Engineered to connect people, social networking platforms have given businesses a network in which the bond between consumer and organization can be easily facilitated. Sites like Facebook and Twitter allow for the bilateral exchange of information, which, if cataloged correctly, provide organizations with an additional arm to reach targeted audiences. Naturally, business schools across the globe readily instruct their students on integrating social media techniques into business strategy. These courses often deliver students with theoretical approaches to optimizing online ROI, developing successful content, and targeting consumers, but rarely do students receive the practical experience that is critical to understanding the impact of a fluid social media campaign on business growth.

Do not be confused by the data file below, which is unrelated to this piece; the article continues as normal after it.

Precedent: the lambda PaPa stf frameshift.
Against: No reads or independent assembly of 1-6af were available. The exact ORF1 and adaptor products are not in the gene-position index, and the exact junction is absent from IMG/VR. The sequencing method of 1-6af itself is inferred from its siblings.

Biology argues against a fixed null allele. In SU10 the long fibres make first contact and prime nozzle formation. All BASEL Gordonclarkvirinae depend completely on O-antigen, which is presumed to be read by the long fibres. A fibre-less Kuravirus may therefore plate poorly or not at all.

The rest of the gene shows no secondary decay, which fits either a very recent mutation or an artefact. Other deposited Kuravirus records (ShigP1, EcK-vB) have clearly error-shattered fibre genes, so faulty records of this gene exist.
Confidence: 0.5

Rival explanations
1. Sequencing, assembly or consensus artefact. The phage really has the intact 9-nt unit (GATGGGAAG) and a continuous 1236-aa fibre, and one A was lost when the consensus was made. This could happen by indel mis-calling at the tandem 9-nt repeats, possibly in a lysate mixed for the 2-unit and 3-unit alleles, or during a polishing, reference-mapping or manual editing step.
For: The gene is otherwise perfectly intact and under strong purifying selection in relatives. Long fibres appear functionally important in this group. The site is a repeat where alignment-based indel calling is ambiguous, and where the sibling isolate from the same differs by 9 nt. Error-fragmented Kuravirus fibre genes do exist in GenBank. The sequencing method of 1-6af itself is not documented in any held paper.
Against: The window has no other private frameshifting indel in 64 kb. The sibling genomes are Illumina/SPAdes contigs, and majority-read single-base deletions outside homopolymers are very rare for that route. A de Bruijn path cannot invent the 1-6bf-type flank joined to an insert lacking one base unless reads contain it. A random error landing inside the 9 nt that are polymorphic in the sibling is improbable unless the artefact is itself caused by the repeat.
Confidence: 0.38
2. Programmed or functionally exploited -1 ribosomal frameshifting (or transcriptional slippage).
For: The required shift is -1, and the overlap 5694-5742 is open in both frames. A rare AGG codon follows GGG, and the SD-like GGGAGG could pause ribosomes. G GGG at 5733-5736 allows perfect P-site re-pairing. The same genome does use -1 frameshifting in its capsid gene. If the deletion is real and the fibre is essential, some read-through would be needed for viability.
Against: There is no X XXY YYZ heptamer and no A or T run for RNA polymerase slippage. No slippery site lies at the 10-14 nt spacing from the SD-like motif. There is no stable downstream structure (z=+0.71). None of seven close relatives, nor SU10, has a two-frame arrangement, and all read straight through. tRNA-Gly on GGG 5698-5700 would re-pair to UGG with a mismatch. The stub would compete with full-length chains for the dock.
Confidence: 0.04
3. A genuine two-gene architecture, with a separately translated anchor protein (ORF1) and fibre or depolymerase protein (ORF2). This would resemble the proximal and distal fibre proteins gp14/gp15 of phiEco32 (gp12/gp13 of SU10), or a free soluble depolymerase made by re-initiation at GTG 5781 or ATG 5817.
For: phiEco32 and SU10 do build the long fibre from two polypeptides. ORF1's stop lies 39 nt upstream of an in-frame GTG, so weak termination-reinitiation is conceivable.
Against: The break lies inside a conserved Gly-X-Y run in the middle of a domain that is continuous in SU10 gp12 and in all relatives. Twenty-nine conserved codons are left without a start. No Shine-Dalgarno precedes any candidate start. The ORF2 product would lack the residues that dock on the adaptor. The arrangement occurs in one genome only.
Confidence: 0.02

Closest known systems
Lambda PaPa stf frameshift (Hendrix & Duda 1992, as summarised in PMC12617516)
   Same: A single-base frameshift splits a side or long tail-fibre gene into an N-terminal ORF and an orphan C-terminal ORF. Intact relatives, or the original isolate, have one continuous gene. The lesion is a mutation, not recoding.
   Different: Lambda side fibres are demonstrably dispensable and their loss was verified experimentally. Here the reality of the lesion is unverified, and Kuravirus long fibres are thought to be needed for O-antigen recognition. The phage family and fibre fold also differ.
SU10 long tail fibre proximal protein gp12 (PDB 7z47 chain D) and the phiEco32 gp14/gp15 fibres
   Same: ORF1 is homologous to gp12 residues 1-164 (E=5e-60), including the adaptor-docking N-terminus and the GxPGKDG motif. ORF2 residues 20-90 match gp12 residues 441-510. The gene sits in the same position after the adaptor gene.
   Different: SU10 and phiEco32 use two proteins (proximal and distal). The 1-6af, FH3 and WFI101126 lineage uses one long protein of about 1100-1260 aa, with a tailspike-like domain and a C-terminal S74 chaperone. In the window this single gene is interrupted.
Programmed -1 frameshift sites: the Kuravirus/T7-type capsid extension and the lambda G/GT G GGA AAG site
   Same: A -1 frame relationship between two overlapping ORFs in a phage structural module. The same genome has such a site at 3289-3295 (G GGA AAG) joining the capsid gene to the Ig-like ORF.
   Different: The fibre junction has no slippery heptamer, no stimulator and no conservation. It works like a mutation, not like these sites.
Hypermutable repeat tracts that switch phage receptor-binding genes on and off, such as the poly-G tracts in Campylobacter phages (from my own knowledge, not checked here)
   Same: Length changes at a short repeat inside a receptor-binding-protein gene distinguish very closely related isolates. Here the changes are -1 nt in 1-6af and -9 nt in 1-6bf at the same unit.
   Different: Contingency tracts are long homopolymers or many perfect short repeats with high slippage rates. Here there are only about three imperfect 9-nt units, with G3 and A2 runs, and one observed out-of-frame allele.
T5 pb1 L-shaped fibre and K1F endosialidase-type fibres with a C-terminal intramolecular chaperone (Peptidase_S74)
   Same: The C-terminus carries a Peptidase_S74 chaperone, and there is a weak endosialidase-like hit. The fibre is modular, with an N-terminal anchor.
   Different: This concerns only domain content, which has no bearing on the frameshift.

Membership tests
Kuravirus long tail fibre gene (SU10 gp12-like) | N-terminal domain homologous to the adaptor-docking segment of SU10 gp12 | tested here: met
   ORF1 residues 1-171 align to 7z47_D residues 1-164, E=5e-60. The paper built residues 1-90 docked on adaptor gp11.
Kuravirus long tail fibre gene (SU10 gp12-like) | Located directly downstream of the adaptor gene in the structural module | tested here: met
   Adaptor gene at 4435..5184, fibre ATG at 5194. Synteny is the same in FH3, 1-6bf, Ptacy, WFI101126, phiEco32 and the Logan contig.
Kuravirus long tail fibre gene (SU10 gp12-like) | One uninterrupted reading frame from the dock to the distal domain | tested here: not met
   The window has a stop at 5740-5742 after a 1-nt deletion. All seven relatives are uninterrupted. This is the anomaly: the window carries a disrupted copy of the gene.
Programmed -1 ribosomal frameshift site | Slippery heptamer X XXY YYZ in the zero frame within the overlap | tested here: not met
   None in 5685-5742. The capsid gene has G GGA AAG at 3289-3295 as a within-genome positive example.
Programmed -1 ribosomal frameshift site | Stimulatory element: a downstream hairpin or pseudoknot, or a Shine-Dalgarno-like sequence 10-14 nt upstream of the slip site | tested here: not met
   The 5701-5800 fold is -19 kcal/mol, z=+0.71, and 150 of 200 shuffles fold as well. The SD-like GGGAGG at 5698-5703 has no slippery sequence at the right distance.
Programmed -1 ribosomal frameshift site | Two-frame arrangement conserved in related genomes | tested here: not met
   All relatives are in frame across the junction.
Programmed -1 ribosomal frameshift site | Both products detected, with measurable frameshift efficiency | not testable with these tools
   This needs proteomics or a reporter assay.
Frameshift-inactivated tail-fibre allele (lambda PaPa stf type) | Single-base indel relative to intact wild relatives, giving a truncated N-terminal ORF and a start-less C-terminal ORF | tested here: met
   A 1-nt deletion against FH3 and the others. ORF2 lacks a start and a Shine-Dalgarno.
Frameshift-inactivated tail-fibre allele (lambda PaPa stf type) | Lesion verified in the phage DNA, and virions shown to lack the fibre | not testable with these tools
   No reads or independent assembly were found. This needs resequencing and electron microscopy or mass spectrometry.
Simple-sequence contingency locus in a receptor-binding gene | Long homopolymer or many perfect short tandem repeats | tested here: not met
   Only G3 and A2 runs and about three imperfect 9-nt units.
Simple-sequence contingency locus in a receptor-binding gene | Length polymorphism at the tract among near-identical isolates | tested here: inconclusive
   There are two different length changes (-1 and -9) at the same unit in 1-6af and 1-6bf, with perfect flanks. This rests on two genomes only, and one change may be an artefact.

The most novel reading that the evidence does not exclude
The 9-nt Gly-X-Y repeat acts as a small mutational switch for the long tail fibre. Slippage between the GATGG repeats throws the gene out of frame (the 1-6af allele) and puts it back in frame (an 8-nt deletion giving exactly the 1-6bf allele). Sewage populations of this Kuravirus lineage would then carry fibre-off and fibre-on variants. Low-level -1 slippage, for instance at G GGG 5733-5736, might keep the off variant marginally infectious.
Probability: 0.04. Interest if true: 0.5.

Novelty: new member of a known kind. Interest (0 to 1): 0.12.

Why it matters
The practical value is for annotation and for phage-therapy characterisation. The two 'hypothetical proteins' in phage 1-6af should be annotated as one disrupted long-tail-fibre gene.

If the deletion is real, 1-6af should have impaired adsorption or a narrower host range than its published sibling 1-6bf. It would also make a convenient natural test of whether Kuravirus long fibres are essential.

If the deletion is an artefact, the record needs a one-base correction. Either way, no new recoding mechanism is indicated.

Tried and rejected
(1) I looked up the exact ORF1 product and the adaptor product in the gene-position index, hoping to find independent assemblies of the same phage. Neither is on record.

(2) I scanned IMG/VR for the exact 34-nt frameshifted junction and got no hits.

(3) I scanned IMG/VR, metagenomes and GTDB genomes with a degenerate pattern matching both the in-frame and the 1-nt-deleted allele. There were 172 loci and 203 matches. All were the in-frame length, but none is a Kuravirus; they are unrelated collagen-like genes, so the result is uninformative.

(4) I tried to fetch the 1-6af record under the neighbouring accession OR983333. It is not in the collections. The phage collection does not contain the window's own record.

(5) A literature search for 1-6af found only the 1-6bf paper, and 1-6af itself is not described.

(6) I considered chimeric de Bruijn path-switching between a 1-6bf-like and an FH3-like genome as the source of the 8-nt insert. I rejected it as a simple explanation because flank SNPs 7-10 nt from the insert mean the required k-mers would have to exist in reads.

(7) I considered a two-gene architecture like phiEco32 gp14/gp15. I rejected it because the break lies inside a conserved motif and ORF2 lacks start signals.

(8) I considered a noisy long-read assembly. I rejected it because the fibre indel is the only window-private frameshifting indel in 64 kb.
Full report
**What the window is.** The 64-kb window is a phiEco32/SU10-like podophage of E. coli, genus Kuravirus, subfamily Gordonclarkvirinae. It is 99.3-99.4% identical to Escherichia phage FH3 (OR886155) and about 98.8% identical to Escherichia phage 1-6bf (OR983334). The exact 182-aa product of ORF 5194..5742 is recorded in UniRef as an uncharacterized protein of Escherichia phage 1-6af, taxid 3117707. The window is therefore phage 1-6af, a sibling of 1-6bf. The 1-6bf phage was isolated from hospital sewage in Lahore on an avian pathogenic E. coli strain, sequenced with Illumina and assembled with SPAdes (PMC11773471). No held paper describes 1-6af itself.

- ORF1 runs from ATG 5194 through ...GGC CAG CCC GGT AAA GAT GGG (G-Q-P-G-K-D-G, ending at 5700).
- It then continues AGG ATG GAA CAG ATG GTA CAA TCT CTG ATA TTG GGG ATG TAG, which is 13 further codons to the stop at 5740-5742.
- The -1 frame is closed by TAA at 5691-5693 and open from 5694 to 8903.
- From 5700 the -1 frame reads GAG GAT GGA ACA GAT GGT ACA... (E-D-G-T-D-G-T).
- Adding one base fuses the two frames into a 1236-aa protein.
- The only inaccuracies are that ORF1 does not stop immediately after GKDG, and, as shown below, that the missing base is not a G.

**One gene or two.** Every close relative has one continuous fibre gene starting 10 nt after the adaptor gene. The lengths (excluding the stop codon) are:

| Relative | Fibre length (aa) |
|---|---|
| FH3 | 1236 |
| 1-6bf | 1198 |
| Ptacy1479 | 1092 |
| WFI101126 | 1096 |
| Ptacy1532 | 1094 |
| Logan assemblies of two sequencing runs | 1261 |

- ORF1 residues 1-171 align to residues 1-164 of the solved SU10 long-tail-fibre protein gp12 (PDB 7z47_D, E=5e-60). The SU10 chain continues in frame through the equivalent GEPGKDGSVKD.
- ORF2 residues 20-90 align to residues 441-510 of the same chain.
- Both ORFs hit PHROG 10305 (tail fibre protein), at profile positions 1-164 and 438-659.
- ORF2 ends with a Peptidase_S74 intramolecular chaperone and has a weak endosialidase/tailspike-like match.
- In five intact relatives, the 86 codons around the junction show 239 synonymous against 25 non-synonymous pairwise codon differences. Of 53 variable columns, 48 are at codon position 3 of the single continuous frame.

The H-E-B School of Business and Administration (HEBSBA), in conjunction with the San Antonio Non-Profit Council (SANPC), have found a way to assist students in filling the experience vacuum. On May 6th, HEBSBA students were on the front line in a historic event for the city of San Antonio. In its inaugural year, The Big Give San Antonio, a 24-hour online giving event hosted by the SANPC, raised $2 million for the city’s non-profits; double the initial goal set by the council. Facilitated by the relationship between the HEBSBA and the SANPC, capstone seniors were asked to take control of all social media efforts for the city’s non-profits, a critical role in maximizing the outreach and impact of the campaign. The Big Give project required students to utilize budget forecasting, integrated social media strategy and an entrepreneurial spirit to prepare for the philanthropic marathon.